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MONTREAL - Laval police are to blame for the death of an officer in December 2005, the province's commission on workplace health and safety says.
This comes after the same police department was involved in a botched raid - in 2007 - that resulted in another police officer's death and the acquittal of the shooter.
In a release Wednesday on the Dec. 14, 2005 shooting of officer Valerie Gignac, the commission cited "inappropriate intervention techniques" and an "improper analysis of the situation" as the root causes of the young officer's death."
Officer Gignac was shot and killed while responding to a noise complaint at the Laval home of Francois Pepin. She was 25.
Pepin had been arguing with his landlord when police were called to the building. He refused to open the door to police, after they identified themselves to the occupants of the apartment. Police then tried to kick open the door and Pepin fired a shot through the door, hitting Gignac. The bullet pierced her protective vest.
Pepin pleaded guilty to second-degree murder and was given a life sentence in May.
In its report, the commission said Laval police didn't properly assess the danger of the situation and should not have kicked open the door with a police officer standing in front of it.
The commission also warned Laval police they must train all officers in proper intervention techniques, a demand the department has since complied with.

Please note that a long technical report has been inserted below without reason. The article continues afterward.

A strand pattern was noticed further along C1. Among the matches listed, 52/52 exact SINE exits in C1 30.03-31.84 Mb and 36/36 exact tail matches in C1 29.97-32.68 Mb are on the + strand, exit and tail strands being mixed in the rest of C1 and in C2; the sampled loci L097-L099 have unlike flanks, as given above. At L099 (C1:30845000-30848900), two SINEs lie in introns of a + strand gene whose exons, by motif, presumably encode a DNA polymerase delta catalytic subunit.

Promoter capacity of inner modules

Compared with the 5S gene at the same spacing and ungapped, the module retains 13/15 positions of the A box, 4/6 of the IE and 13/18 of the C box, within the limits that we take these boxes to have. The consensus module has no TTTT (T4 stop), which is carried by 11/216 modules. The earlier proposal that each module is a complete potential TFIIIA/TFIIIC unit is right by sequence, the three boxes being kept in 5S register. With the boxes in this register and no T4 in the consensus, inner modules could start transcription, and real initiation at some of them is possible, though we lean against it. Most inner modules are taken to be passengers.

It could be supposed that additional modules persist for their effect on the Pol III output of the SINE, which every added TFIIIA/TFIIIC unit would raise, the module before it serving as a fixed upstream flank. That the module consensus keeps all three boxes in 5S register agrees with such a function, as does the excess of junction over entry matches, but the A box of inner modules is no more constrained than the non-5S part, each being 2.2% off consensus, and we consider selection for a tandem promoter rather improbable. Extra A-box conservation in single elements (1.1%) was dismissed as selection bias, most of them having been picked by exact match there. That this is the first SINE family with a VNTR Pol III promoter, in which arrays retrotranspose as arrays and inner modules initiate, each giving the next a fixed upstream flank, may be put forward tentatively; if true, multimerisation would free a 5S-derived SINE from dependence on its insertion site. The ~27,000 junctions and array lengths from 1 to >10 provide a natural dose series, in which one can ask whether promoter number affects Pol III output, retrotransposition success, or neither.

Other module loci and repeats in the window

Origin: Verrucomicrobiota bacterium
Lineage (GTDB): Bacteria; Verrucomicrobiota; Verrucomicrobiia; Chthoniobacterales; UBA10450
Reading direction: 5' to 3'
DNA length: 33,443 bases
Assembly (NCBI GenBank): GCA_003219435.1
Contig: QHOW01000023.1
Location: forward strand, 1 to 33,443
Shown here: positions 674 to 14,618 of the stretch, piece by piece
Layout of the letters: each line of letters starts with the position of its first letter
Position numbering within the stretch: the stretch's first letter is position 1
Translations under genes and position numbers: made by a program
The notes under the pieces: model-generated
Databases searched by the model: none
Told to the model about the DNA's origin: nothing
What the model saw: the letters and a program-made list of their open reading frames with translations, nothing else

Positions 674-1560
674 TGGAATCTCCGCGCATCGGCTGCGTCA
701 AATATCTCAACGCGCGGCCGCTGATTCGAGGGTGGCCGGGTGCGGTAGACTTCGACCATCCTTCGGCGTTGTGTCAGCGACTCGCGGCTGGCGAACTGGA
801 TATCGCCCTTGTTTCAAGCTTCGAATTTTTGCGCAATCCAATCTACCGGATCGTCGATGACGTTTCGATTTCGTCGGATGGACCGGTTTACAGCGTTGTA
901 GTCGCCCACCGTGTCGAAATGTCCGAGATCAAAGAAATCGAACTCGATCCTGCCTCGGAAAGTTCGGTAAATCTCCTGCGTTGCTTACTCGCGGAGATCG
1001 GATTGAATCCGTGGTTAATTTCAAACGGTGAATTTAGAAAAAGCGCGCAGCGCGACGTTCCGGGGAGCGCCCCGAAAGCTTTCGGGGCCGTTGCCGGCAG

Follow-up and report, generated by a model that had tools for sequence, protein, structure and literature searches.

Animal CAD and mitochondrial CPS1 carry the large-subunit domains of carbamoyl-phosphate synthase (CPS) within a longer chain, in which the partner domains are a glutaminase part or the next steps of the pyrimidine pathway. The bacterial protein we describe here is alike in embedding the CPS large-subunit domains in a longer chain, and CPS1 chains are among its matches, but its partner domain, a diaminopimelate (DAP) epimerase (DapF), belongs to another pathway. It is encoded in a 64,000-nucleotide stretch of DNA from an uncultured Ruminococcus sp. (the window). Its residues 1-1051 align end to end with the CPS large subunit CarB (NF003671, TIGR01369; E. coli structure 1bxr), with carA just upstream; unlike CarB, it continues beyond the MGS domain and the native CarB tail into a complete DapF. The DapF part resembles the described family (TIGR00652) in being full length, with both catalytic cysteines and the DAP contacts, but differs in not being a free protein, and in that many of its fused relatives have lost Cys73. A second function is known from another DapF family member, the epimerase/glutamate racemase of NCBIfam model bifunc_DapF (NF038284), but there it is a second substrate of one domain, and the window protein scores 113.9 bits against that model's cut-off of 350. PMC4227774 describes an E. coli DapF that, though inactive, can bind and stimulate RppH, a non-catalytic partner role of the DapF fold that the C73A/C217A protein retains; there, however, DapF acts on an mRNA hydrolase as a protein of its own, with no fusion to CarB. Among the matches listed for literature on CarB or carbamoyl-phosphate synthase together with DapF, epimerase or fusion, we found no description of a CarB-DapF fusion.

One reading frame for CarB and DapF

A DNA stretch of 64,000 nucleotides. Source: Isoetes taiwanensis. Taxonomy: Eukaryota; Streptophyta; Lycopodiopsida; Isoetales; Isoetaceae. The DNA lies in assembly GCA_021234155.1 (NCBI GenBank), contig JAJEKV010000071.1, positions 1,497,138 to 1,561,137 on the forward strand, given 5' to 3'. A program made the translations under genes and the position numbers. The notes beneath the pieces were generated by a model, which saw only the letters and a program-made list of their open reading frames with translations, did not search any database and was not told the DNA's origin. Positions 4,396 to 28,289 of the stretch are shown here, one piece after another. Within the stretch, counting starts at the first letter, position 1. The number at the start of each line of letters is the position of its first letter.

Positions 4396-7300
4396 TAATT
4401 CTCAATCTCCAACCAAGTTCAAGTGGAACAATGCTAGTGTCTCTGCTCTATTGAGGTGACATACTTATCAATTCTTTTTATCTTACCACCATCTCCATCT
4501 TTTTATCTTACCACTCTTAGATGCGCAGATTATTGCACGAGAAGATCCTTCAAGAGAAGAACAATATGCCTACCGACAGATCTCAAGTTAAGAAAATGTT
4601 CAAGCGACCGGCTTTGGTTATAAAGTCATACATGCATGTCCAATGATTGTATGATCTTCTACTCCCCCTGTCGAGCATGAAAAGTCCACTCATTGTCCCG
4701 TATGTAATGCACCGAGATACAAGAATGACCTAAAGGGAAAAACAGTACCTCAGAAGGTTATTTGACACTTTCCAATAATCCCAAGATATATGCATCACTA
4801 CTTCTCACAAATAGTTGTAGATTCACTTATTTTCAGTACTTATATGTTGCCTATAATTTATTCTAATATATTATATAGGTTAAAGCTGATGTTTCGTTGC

Last month, a jury found another man, Basil Parasiris, not guilty of first-degree murder in the shooting death of another Laval police officer during a raid on his home on March 2, 2007.
Const. Daniel Tessier was one of nine officers who entered Parasiris' home looking for cocaine.
Tessier was shot by Parasiris, who testified he had no idea it was the police who had broken into his home. Parasiris' wife gave the same testimony.
The judge in the case criticized the Laval police, saying they had no evidence they would have found a large quantity of drugs in Parasiris' home.
Parasiris was never charged with drug trafficking after the raid.
The judge also ruled the warrant used in the raid was a violation of Parasiris' Charter right protecting Canadians against an abusive search and seizure, and any evidence seized in its execution was inadmissible.
The Crown has said it will not appeal the acquittal.
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